Foil alloy does influence paste release, and not all alloys act the same.
In the quest to elevate the stencil printing process from its original black magic art form to the (mostly) science it is today, we’ve developed a number of guidelines to steer us toward success. One of my favorites is the area ratio (AR) calculation. It assumes solder paste sticks to everything equally, and to get a good quality deposit, the force of the paste sticking to the PCB pad must overcome the force of the paste sticking to the stencil when the two separate. We calculate it by dividing the area of the aperture walls by the area of the pad. Fast forward through the algebra, and that boils down to the size of the aperture (diameter if it’s a circle; edge length if it’s a square) divided by four times the foil thickness. The higher the ratio, the more paste is released.
Countless printing experiments on typical Type III SMT solder pastes have shown that if the AR remains above 0.66, we can expect 80% or better paste release on a regular basis, and we’re comfortable with that. Below 0.66, however, release can become pretty unpredictable, and as the ratio approaches 0.50, print quality usually becomes unacceptable as variation skyrockets.
Keeping the area ratio above 0.66 isn’t always easy. Often, components with smaller footprints are getting placed on boards with parts that demand 0.005" or thicker stencil foils. To make matters worse, high population densities often preclude the use of stencil step-downs because there’s no room for them. If an assembler has no choice but to use a 0.005" foil, a 0.012" aperture for a 0.5mm BGA puts the area ratio at 0.6 – scary and unpredictable. If they upsize it to 0.013", then the AR is only at 0.65. Supersize to 0.014" and risk bridging? Well, that gets us to 0.70, but what if the aperture comes in just 0.0005" undersized?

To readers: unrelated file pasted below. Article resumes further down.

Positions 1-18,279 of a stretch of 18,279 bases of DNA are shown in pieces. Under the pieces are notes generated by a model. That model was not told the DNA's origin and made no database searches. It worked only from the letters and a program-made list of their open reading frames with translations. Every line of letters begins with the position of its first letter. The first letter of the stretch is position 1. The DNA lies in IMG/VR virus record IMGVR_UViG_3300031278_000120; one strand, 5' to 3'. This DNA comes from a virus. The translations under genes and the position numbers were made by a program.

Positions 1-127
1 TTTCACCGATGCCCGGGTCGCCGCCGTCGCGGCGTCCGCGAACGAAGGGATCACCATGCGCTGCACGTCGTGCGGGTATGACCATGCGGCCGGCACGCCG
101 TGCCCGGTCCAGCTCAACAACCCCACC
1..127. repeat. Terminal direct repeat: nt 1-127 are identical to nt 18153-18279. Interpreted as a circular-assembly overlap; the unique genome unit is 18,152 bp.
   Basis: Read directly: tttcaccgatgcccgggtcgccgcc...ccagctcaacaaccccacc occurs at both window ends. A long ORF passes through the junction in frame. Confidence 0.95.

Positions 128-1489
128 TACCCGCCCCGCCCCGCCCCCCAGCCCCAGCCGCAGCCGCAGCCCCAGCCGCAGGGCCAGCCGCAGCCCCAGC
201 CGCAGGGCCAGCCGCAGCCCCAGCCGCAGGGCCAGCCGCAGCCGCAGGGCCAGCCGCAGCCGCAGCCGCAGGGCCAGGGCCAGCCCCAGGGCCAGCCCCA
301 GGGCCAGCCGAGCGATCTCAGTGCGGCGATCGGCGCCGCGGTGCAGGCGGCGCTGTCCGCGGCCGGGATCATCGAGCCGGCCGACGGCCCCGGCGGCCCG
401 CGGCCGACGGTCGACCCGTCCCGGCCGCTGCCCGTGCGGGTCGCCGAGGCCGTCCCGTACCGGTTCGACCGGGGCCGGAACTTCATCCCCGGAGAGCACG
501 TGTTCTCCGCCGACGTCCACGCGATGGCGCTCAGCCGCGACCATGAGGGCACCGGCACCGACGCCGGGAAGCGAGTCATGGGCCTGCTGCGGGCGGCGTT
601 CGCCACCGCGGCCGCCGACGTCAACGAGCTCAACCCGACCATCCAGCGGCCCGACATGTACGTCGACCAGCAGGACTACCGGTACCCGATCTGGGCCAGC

It’s back at 0.67, on the brink of bad printing again. I think of any AR under 0.70 as more of a “Scare-Ya” ratio than an area ratio. They scare me, and they should scare you, too.
But packaging continues to shrink and profitability becomes increasingly difficult, so we try to squeeze every bit of performance we can out of the process. And we’ve got a myriad of options available: squeegee materials, geometries, coatings and vibrations; pressurized print heads; various board support methods and Z-axis separation motions; specialized fluxes and optimized powders; stencil materials and coatings; the list goes on and on.
What’s an engineer to do when faced with all these options? Experiments, what else?
When a leading EMS firm and its stencil supplier wanted to focus on stencil material alone and gauge the impact of foil alloy on paste release, they designed an experiment. They kept every variable in the stencil manufacturing and solder paste printing process as stable as possible, varying only the metal used for the foil.
They tested four different material options:
- A typical stainless steel commonly used in SMT stencils.
- The same stainless steel with electropolishing after cutting.
- Fine grain stainless steel.
- Laser-cut nickel electroplated as a solid sheet.